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TheNiceNightmare
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PostPosted: Sat Nov 03, 2012 7:12 pm 
 

Yeah, everyone was super happy about everything, especially bands complaining about politicians. It does make sense, actually, for people who stop caring and move on to write about something else, (ironically songs like what '90s Metallica wrote).

There's a bigger meaning behind "angst" than "sound like a nu-metal band" and just because it turned into a very central theme for music in the '90s, doesn't mean it as an emotion didn't exist before 1993, nor that it didn't take various forms for people trying to express themselves - such as political lyrics. I'm sure the end of the '80s was a just delightful era, and there were no genuine worries for anyone whatsoever, anywhere...not even for thrash metal bands with the means to make and record music. Maybe, just maybe, they felt the need to complain, and chose music as their medium, and since it was such a great time, maybe their worries were unfounded and yet they insisted on complaining, bitching about some political issue in between songs about thrashing about to great music? Wow, that sounds an awful lot like angst...and then, as they mature, they decide to go with the times and(/or?) write about something else they feel the need to express, like maybe how much the '90s suck or whatever.

Why would it be so hard to believe that angry people do angry things? Like write angry music about things that anger them? Just because the times were great (especially if you were a thrash metal band in the late '80s), that doesn't mean people didn't find reasons to be angry? Now, there's a reason I've "switched" from angsty to angry here, the era being so fantastic if anything would reinforce my point...they'd be angry if their lives really did suck, they'd be angsty if, as it turns out, they were spewing vitriol at politicians for no real reason because things were pretty great.

But yeah, sure, you're right and I'm wrong, because I had no idea people made shitty music in the '90s or that everyone everywhere, especially youth inclined to play political, aggressive thrash walked around with huge dumb grins on their faces all the time.
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Napero
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PostPosted: Sat Nov 03, 2012 7:38 pm 
 

Dude, there's a profound difference between "angsty" and "angry". Anger is a part of the 80s thrash scene, as well as of the hardcore of the same decade; anger can be a positive thing in many contexts, while angst is something that makes a loser in a dirty sweater whine for years before blowing his brains on the wall. The moment hardcore went from "anger" to "angst", it turned to whiny shit. The moment the anger of thrash was exchanged for the angst of grunge marked the beginning of an era when I failed to find any new good bands for almost a decade. You seem to be sorting it out yourself just fine, though, so carry on, please. A hint, though: it's quite difficult to incorporate angst into political lyrics and still make sense.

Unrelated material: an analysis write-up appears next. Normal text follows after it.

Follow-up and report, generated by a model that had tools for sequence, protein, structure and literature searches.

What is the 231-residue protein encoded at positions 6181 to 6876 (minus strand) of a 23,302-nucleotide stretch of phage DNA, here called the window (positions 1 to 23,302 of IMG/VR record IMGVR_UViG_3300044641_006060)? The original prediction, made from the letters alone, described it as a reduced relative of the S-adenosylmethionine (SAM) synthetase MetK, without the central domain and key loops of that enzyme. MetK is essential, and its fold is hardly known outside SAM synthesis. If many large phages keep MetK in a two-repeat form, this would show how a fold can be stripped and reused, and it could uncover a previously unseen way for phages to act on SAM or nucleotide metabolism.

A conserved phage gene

No, everything was not super happy in the 80s. On the contrary. But the mood was optimistic, and the tiny little things that tried to spoil it (Chernobyl, the Challenger disaster, a little hole in the ozone layer, a bit of AIDS, Olof Palme...) were easily countered by a bunch of plastic idiots singing "Do They Know It's Christmas Time", and everything seemed to be racing for a new dawn of infinite possibilities. It was a decade of hope and collective denial, and unfortunately it wasn't replaced by a decade of actually doing something about things, but by a decade of general whining about everything essentially meaningless. This is all retrospective, of course, but I do believe that when people look at the 20th century a few hundred years down the road, the 80s will be seen as the decade when mankind finally lost its shit.
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DeathFog
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Joined: Thu Jun 12, 2003 9:20 am
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PostPosted: Sat Nov 03, 2012 7:43 pm 
 

@LegendMaker, I am not going to argue your point about post 1993 albums, but I found some stuff from that time. Havoc Mass (1993) - Killing The Future is a nice candidate. Mortal Reign (1993) - Return To Battle - the album has some groovy bits, but their amount is minimal. I am not sure if it counts as proper Thrash in your book. The there is Dorsal Atlantica (1993) - Musical Guide From Stellium, but it might be too groovy.

Havoc Mass - All That is Evil
Mortal Reign - Return To Battle

Speaking about the demise of Thrash, first of all, it ran out of ideas by 1993 due to the over-saturation around mid/late 80's, early 90's. Secondly, as it has been mentioned by previous posters, grunge, black metal and death metal became a better source of income, due to the fact that they were new.
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LegendMaker
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PostPosted: Sat Nov 03, 2012 9:25 pm